Alfonso: We have an online Outreach Portal at www.dwsdoutreach.org. There is a public page and a registered user login. The registered user side is for people who are actually part of the outreach program. There we store meeting minutes and other documents so they’re accessible to all the people who are registered users of the system.

I also produce two newsletters. One is “In the Flow,” a quarterly newsletter we send to our wholesale customer base and to all the elected officials who live in the service territory where DWSD or our customers have a footprint.

Twice a year I also put out a “Detroit Residential Newsletter” for our retail customers. It’s more Detroit focused, but we still share the collaborative approach we’ve taken with our wholesale customers over the years, so people can see that we work together. We deliver that newsletter by email to neighborhood community organizations, block clubs and similar groups. We also attend many meetings of those groups, and I pass out copies of our publications to people there.

TPO: Tell us about the Operation Clean Water initiative. What does that encompass?

Alfonso: Operation Clean Water was an idea that came from Public Education Work Group. The aim was to put stories into mainstream media as well as local media in the communities we serve. Once a year in planning, we look at what we need to focus on. Generally, we try to push out three to four articles a year. The articles go onto the Outreach Portal. We’ve been fortunate to have the MWEA publish our articles on a pretty regular basis. And our wholesale customers can take the articles and reuse them, such as if they have newsletters in their communities.

One of our first articles was “Managing the Storm.” Detroit, like most older cities, has a combined system, as do many of our wholesale customers. The story is about how we work when we know there’s a storm coming. It’s really a team effort. It’s Detroit and our community partners monitoring the weather and in communication constantly making sure those flows are held so they can be treated before release to the environment.

TPO: What have you done to raise awareness of the people responsible for the collection and treatment systems?

Alfonso: We publish a series of Faces of Wastewater and Faces of Water profiles. We wanted to showcase people in the various positions. We did several series of profiles on the water side, and then we moved over to the wastewater side and have done two series there. The profiles also serve as an education tool to tell people about career opportunities in our industry.

TPO: What has been the reaction to the Faces profiles?

Alfonso: The first series was so successful that we immediately thought we were on to something and decided to keep going with it. Some of our customer communities have taken those stories and posted them on their websites.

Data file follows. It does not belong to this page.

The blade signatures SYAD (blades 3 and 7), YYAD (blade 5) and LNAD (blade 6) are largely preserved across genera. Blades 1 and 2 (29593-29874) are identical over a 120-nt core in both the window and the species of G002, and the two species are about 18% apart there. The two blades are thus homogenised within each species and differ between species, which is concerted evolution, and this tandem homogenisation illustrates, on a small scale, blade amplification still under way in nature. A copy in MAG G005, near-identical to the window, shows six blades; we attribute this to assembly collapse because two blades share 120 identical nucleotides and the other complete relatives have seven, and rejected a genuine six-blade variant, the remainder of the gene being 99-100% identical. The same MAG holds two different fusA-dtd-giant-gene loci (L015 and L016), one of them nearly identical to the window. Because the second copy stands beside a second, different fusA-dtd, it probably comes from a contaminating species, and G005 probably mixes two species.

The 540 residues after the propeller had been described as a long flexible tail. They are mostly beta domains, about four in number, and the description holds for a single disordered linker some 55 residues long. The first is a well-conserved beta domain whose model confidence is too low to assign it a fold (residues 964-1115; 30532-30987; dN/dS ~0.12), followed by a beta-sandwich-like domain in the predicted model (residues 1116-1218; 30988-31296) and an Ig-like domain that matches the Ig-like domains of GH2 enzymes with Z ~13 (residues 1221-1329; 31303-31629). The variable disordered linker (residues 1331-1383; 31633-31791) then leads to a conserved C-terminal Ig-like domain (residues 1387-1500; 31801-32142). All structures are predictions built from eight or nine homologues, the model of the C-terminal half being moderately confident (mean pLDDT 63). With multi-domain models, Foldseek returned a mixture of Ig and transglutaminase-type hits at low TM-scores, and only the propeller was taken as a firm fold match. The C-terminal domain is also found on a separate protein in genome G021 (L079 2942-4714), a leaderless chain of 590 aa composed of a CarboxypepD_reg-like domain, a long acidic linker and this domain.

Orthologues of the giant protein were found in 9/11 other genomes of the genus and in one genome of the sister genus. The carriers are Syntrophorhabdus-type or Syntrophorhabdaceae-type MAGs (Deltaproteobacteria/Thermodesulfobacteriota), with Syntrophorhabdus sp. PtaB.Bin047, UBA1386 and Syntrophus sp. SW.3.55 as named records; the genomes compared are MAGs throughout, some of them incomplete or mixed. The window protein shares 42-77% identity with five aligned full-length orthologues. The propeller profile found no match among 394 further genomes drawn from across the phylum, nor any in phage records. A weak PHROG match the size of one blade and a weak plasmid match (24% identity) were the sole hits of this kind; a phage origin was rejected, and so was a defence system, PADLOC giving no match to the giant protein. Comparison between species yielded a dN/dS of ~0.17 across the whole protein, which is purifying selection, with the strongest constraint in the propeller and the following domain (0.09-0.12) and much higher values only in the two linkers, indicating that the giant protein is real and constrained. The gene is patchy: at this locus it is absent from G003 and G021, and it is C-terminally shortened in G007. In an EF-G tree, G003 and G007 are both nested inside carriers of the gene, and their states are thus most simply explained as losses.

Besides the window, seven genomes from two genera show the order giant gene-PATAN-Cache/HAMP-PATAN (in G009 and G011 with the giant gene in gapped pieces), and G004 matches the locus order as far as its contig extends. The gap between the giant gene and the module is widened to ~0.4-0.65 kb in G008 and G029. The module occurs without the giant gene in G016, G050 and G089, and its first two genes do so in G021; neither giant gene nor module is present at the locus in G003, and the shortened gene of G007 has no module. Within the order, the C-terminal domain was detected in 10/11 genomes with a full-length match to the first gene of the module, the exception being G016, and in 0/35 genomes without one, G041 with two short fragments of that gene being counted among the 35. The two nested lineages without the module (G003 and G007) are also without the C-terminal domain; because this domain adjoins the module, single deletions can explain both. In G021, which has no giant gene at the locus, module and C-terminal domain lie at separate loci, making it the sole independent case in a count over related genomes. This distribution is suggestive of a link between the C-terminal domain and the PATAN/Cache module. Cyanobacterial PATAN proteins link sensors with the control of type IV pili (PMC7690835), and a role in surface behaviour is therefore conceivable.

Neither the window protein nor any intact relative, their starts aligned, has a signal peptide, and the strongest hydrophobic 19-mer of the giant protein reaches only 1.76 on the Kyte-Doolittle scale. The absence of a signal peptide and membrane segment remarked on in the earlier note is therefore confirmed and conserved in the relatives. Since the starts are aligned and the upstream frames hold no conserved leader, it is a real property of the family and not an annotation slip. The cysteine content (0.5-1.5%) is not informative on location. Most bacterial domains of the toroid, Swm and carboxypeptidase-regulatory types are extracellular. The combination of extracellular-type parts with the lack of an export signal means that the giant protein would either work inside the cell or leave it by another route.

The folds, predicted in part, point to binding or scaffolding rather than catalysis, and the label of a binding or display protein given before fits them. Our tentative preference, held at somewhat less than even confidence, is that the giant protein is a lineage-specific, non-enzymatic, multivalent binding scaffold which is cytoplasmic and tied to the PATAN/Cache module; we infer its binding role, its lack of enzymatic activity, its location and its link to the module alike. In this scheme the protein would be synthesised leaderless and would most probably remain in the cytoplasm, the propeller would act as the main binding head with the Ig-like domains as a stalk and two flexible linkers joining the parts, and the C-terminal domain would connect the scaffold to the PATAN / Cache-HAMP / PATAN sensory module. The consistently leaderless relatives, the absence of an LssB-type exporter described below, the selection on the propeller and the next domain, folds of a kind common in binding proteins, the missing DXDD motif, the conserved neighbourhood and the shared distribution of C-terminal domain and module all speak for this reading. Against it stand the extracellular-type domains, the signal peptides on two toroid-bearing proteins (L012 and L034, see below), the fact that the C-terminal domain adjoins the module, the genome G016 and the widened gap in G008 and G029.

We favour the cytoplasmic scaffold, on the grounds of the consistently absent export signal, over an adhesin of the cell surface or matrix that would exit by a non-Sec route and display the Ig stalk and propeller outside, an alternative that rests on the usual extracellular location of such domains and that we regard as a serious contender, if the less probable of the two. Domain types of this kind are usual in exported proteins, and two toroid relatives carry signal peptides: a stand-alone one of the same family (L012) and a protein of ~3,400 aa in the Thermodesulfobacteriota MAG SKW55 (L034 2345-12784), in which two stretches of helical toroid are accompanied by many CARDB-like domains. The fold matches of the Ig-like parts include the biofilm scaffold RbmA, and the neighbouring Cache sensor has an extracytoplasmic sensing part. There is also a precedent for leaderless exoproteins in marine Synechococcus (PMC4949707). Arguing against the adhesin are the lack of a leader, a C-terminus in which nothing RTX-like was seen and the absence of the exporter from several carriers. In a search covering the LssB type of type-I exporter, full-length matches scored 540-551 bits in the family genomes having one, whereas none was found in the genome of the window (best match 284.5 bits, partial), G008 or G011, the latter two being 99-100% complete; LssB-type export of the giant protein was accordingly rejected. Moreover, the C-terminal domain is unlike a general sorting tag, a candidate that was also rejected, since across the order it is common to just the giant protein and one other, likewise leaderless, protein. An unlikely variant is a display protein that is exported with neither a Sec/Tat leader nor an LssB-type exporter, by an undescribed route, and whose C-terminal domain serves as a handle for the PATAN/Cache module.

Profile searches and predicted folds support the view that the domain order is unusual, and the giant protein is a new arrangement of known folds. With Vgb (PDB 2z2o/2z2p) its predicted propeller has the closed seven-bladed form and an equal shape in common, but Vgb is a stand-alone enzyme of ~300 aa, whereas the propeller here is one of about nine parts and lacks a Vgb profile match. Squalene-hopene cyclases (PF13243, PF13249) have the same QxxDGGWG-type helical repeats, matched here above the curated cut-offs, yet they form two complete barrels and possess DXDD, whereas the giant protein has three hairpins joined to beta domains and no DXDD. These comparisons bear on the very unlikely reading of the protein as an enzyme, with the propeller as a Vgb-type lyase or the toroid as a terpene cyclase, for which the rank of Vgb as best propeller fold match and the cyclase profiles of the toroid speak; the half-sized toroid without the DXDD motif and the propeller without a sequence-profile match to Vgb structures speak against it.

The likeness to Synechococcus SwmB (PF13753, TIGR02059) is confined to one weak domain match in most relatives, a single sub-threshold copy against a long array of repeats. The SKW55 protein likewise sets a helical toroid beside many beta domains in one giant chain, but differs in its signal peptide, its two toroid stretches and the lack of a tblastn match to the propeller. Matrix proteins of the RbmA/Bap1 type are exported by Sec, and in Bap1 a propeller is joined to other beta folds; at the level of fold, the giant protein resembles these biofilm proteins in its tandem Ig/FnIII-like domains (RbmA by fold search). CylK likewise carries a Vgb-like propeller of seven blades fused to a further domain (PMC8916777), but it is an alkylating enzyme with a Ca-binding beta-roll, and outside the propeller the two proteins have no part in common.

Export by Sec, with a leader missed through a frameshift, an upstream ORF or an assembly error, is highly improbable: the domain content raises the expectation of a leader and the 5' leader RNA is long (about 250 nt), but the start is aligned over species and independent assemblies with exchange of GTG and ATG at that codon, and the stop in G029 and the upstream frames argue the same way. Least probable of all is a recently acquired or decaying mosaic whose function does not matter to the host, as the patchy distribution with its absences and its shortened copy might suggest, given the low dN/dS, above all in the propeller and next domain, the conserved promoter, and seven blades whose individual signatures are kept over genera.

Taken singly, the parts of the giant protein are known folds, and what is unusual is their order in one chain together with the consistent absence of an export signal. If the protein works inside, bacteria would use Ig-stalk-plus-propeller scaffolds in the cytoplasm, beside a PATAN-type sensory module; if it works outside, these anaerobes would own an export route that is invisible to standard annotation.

TPO: What is the reaction to the Faces series from the people you profile?

Alfonso: They’re excited. They’ve never been involved in something like this before. Some of them were very shy in the beginning, but once they understood what we were trying to do, we had really good participation.

I was happy to showcase the work done by all the people who manage our systems. It brings a different perspective — suddenly people realized that we have committed, dedicated employees who work around the clock to make sure the system is safe and is working up to its potential. It’s a legacy to maintain it and operate it well for all those who come after us. Water is a pretty vital part of everyday life.

TPO: In the big picture, how would you describe the results of your outreach program and the Public Education Work Group?

Alfonso: I would say our communities are better informed and more knowledgeable. People are more engaged, and they know they have opportunities to air issues, raise concerns and bring a recommendation on how we can improve our relationships.

Four times a year we have meetings of the Technical Advisory Committee (TAC) on the water side with attendance of 60 to 80 people. The Wastewater Steering Committee meets two to three times a year, and those meetings are attended by DWSD and county representatives. We break into smaller groups and go through exercises that help us focus and plan for going forward: things we want to work on, things we may not have thought about, things that need attention. It’s a very open forum.

TPO: What advice would you give to other clean-water agencies about the importance of reaching out to the public?

Alfonso: People really need to know what you do. Whether you serve 20,000 people or millions, it’s important to make people aware of the vital service you provide and make sure they understand how important it is to protect and preserve it, and to support the people who show up every day and do the jobs they do.


Comments on this site are submitted by users and are not endorsed by nor do they reflect the views or opinions of COLE Publishing, Inc. Comments are moderated before being posted.